Camilla Lage Joins CCE Program
BATH — Cornell Cooperative Extension’s Southwest New York Dairy, Livestock & Field Crops Program has added Camila Lage as its dairy management specialist.
Lage will work on research and outreach related to dairy herd health and management, calf and heifer rearing, milk quality, nutrition, and improving efficiency and environmental sustainability of dairies. She can be reached at email@example.com or by calling 607-422-6788.
Lage grew up in the largest milk producing state of Brazil. She graduated as a veterinarian from the Federal University of Minas Gerais – Brazil, where she also got her masters degree and Ph.D. in Animal Science with a focus on calf rearing. She spent two years of her Ph.D. program at Penn State as a visiting scholar, working with dairy nutrition, especially related to protein nutrition. Lage then worked at the University of California-Davis, where she worked with the economic opportunities of implementing automatic milking technologies in dairy farms. She is looking forward to working with producers in the area and connecting the agricultural industry to Cornell resources.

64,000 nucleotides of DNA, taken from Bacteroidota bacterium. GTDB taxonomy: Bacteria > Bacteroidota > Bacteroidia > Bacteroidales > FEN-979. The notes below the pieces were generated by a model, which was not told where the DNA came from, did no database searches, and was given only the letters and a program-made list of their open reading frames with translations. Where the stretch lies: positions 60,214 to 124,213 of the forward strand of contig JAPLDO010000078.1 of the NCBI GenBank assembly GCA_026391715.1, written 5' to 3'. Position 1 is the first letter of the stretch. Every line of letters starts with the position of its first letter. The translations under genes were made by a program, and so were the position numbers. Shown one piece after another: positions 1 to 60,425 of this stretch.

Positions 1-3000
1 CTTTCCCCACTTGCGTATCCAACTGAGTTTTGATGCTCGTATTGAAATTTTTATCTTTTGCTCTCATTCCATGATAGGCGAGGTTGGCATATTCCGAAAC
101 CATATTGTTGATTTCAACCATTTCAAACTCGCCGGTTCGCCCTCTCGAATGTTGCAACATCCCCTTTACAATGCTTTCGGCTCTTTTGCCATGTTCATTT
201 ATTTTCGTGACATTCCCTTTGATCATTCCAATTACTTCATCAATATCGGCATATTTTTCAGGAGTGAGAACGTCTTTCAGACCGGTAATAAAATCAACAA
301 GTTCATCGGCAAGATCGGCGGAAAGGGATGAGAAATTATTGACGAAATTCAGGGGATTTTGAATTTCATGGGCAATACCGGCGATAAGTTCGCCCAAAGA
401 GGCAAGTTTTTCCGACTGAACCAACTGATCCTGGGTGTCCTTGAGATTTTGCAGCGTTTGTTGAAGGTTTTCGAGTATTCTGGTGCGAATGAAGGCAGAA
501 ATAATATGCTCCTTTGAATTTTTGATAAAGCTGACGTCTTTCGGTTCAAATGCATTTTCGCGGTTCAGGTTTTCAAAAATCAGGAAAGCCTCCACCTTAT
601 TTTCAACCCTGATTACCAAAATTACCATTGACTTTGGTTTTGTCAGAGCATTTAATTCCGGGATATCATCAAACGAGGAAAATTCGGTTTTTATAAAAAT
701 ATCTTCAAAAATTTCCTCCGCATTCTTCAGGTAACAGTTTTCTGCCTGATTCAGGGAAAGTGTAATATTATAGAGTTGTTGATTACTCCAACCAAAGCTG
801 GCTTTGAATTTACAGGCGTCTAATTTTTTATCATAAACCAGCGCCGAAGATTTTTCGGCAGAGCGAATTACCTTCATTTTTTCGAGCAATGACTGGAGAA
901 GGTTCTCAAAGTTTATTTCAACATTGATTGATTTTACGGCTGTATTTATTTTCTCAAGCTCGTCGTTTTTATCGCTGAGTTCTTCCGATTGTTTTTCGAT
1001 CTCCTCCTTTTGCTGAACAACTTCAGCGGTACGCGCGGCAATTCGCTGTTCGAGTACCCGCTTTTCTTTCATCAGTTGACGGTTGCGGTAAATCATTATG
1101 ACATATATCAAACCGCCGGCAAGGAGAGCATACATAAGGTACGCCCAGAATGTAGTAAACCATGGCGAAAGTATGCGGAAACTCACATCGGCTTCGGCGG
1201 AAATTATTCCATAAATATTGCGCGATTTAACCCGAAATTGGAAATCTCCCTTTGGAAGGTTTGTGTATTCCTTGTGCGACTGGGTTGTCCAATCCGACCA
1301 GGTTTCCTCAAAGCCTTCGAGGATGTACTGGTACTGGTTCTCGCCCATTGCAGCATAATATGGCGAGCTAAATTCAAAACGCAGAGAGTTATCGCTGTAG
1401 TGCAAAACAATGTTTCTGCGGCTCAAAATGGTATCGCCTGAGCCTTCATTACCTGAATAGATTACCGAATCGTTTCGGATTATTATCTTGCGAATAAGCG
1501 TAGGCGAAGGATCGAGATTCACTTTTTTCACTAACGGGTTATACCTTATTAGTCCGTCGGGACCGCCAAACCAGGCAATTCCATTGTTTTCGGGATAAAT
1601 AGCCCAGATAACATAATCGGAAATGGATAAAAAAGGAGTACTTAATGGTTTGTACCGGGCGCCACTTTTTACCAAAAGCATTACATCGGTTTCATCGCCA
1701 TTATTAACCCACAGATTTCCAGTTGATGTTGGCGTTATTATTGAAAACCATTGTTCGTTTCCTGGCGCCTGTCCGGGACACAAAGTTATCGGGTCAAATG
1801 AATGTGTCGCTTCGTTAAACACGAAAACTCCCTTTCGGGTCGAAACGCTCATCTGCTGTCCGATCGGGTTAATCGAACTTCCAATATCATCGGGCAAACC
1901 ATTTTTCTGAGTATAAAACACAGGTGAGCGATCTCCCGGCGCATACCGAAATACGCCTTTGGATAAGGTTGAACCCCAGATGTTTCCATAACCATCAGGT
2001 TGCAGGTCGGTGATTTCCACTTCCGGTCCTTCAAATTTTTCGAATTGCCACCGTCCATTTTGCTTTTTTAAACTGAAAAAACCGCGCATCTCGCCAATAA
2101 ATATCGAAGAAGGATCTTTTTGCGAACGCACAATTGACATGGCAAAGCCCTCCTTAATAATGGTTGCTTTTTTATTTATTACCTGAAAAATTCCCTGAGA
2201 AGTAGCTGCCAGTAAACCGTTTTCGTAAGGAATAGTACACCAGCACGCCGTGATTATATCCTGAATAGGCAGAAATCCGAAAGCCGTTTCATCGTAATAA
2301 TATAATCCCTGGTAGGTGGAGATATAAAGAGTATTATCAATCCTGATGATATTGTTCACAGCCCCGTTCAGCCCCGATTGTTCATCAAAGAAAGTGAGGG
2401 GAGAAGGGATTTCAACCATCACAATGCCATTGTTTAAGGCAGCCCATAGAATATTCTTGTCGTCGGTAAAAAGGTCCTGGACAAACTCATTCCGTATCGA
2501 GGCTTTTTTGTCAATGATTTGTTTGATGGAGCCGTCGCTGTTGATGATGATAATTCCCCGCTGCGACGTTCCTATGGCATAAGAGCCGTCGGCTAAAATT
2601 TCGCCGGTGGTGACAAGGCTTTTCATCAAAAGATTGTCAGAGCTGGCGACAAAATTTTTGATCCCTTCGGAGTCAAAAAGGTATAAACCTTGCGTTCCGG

“Camila brings such a wide range of experiences to our program,” said Katelyn Walley-Stoll, Southwest New York Dairy, Livestock & Field Crops Program team leader and farm business management specialist. “We’ve been visiting farms and welcoming her to the region, she’s already got some great ideas about programming and is looking to learn more about the specific needs of our region’s 680-plus dairy producers.”
The Southwest New York Dairy, Livestock, and Field Crops Program is the newest Cornell Cooperative Extension regional program and covers Allegany, Cattaraugus, Chautauqua, Erie, and Steuben counties. Southwest New York Dairy, Livestock, and Field Crops regional specialists work with Cornell faculty and Cornell Cooperative Extension educators to address the issues that influence the agricultural industry in New York by offering educational programming and research based information to agricultural producers, growers, and agribusinesses.